“By the cracks of the skin I climbed to the top
I climbed the tree to see the world
When the gusts came around to blow me down
Held on as tightly as you held onto me,” – To Build a Home, The Cinematic Orchestra
SPENT many a day thinking how I would say this in the most articulate and precise way possible. About turning 25, and reflecting upon the events in life that have made me who I am – the learnings along the way; If ever this helps anyone struggling out there, I hope you do find a little peace of mind after reading this.
This is, an open letter you could say. Inspired by the ones who surround me, inspired too by stories I’ve learnt of, from those whose heart’s are/were heavy. I definitely don’t know it all, but this is what I do know. Let this be my letter to you. Here goes.
This was a highlight year for me. While i believe the significant year of everyone’s life will defer according to their socio-economic status and lifestyle, turning 25 is definitely mine. In the sense of what I’ve come to experience, in the sense of what I am able to do, and have learnt.
I thought 21 was significant – it possibly was, I thought then, that I understood it all. Heavily opinionated and stubborn. Very stubborn in fact. I got my forearm tattooed. I don’t regret doing it, cause it reminds me everyday, of something I hold as the core from which all my beliefs stem from – the fact that we as human, are mortal. My mortality accepted at 21.
Then I turned 22, and I thought I knew where my life was definitely going – graduate, work a few years, settle down, build a home. I was drunk on love, and I believe too, very very narrow sighted. I was afraid, but I didn’t know it. I was in a position of vulnerability, that my actions would directly affect another, and this other’s, me.
I was confused.
24, a painful birthday, and for months, facing sadness and loss in the face every single day.
In loss, though, I learn’t that I was a person who was afraid of change, I was a person who did not understand her own feelings, in spite of being a student of philosophy where analysis of language was at the core of dealing with the subject.
I learnt that, no matter how hard you try, you can never fully understand a person, much less a person who doesn’t fully understand him/herself.
I learnt that language is never always a shared concept.
I learnt that people will choose, otherwise.
It is often said, that one’s twenties are often the formative years of one’s life. And I would have to agree, no doubt.
Reflection is hard – it can be painful too. But I believe it to be necessary. In my short years of being a 20 something year old I have learnt, nothing is always set in stone and more importantly, the beauty of it. That while it is instinctual to resist change, change is here to stay. We can choose to be unhappy when faced with it, or accept it with an open mind and heart and see where you are able to grow. Change is like a light bearer to our minds, shedding light where exists cracks and corners for us to grow into. Change is beautiful, it is nourishing.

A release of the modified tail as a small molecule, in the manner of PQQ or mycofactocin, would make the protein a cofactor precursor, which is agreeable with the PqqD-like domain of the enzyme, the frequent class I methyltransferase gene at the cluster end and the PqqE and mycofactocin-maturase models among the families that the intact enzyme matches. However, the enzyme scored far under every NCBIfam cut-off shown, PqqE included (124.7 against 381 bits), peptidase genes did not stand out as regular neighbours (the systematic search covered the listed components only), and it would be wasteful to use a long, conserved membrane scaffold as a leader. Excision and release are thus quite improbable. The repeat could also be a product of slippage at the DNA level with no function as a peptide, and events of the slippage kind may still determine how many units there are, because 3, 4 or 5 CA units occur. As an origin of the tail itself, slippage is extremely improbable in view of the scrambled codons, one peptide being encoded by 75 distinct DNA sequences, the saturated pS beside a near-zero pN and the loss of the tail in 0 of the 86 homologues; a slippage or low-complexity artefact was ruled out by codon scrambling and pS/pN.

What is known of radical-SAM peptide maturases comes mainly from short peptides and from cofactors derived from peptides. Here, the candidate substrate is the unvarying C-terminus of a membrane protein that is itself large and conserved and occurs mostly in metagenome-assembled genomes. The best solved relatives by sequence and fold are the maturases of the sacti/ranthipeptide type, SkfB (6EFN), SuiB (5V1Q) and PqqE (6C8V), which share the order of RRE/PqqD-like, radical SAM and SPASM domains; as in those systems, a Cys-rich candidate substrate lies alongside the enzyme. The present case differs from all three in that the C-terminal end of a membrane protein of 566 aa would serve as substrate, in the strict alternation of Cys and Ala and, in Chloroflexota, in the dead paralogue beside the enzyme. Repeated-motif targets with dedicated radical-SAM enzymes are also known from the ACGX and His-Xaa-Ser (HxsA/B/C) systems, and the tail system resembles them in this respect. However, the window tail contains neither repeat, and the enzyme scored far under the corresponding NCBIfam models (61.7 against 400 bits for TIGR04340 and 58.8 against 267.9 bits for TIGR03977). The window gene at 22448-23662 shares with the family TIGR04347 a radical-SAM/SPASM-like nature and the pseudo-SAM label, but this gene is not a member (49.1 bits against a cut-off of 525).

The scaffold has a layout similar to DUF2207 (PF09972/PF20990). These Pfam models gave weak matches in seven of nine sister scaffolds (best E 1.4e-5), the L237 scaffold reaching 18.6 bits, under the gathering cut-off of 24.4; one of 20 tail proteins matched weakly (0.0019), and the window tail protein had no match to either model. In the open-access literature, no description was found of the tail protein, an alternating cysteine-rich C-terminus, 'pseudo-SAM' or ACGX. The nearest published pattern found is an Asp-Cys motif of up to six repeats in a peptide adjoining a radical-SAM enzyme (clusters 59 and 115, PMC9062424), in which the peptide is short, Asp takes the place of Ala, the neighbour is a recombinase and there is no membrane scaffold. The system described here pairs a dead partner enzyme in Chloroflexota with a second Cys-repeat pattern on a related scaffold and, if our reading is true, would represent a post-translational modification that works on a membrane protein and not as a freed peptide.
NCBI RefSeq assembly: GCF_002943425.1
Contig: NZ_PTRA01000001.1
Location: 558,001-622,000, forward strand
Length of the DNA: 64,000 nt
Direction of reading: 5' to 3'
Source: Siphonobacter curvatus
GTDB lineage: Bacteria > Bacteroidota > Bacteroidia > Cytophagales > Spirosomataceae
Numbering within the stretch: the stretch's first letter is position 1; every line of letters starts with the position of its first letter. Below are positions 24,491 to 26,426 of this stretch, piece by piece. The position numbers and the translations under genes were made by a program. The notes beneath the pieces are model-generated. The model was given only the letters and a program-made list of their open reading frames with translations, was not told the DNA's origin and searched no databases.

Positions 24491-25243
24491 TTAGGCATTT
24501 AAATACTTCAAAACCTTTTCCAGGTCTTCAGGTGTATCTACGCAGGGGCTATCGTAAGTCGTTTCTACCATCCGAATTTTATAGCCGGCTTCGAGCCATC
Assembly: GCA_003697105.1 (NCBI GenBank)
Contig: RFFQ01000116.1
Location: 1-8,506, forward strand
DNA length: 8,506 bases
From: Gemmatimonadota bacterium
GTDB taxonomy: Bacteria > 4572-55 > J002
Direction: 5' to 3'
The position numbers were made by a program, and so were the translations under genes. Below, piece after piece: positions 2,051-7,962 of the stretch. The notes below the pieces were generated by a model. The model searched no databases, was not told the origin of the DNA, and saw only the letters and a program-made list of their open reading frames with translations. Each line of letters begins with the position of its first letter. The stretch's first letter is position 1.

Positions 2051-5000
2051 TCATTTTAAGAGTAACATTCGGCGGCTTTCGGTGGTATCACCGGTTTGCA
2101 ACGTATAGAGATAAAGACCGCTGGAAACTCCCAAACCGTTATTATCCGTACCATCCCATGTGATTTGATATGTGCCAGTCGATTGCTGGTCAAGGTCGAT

I learnt the power that exists in being gentle, in taking a step back, and understanding the language of another’s mind. I learnt that being gentle is not a weakness, no matter how people may perceive this to be. And vulnerability too. For vulnerability is a point of connection of all human beings.
I am enjoying life living now, with an open heart and mind. Life has its natural course, for life itself is after all, organic. I can understand though, the anxiety that ‘not-knowing’ can bring. It is frightening. Which leads me on to the next lesson,
Being anxious from time to time is OK and normal. You are fine, just breathe. And take things one baby step at a time. There is no rush, for you will know when the time comes for you to know.
Social pressures are here to stay as long as society remains. I used to fear, that I was never skinny enough, pretty enough, if I didn’t become successful enough. If I could not manage being a good daughter, good wife, good mother, career woman. Sounds cliché doesn’t it? But it is only cliche precisely because it is the worry of so many woman alike. I have learnt though, while these societal pressures exist, that doesn’t mean we have to be weighed down by them. Yes, while I still do take care of my health, I eat right, exercise and make sure I maintain a healthy weight – I find it a blessing everyday that I am still physically capable of doing these things AND getting better and stronger each time I do. It doesn’t matter that there are other girls who are skinnier/taller/_____ (insert insecurity type here) – Bottom line: I am alive, healthy and able, and I am sane. So what if I have a new wrinkle each day, or if my body is taking on a more womanly shape. Age, wrinkles and lines are blessings indeed – living indicators of what has been, of moments in your history that have shaped you, evidence of your presence in moments of yours in whatever time there is for you on earth.
Last but not least, happiness is not so much a journey of finding it in the world that exists outside of oneself, but a journey inward, driving down to the core of your existence – what is it that is truly valuable to you. I can’t yet answer this question for myself. Everyday since, I have learnt something knew.
We often discredit the value in negation. But there is much beauty in that, the way that Immanuel Kant has written about finding moral values, a downward spiral, losing layers as we go. By negating what we do not need, like a spool of thread, we come closer and closer to the core. Never mind that these things take time, for it is better to have started pulling at the thread, and merely getting a glimpse of it in your lifetime, than to never had tried at all.
Take heart, everything’s gonna be OK.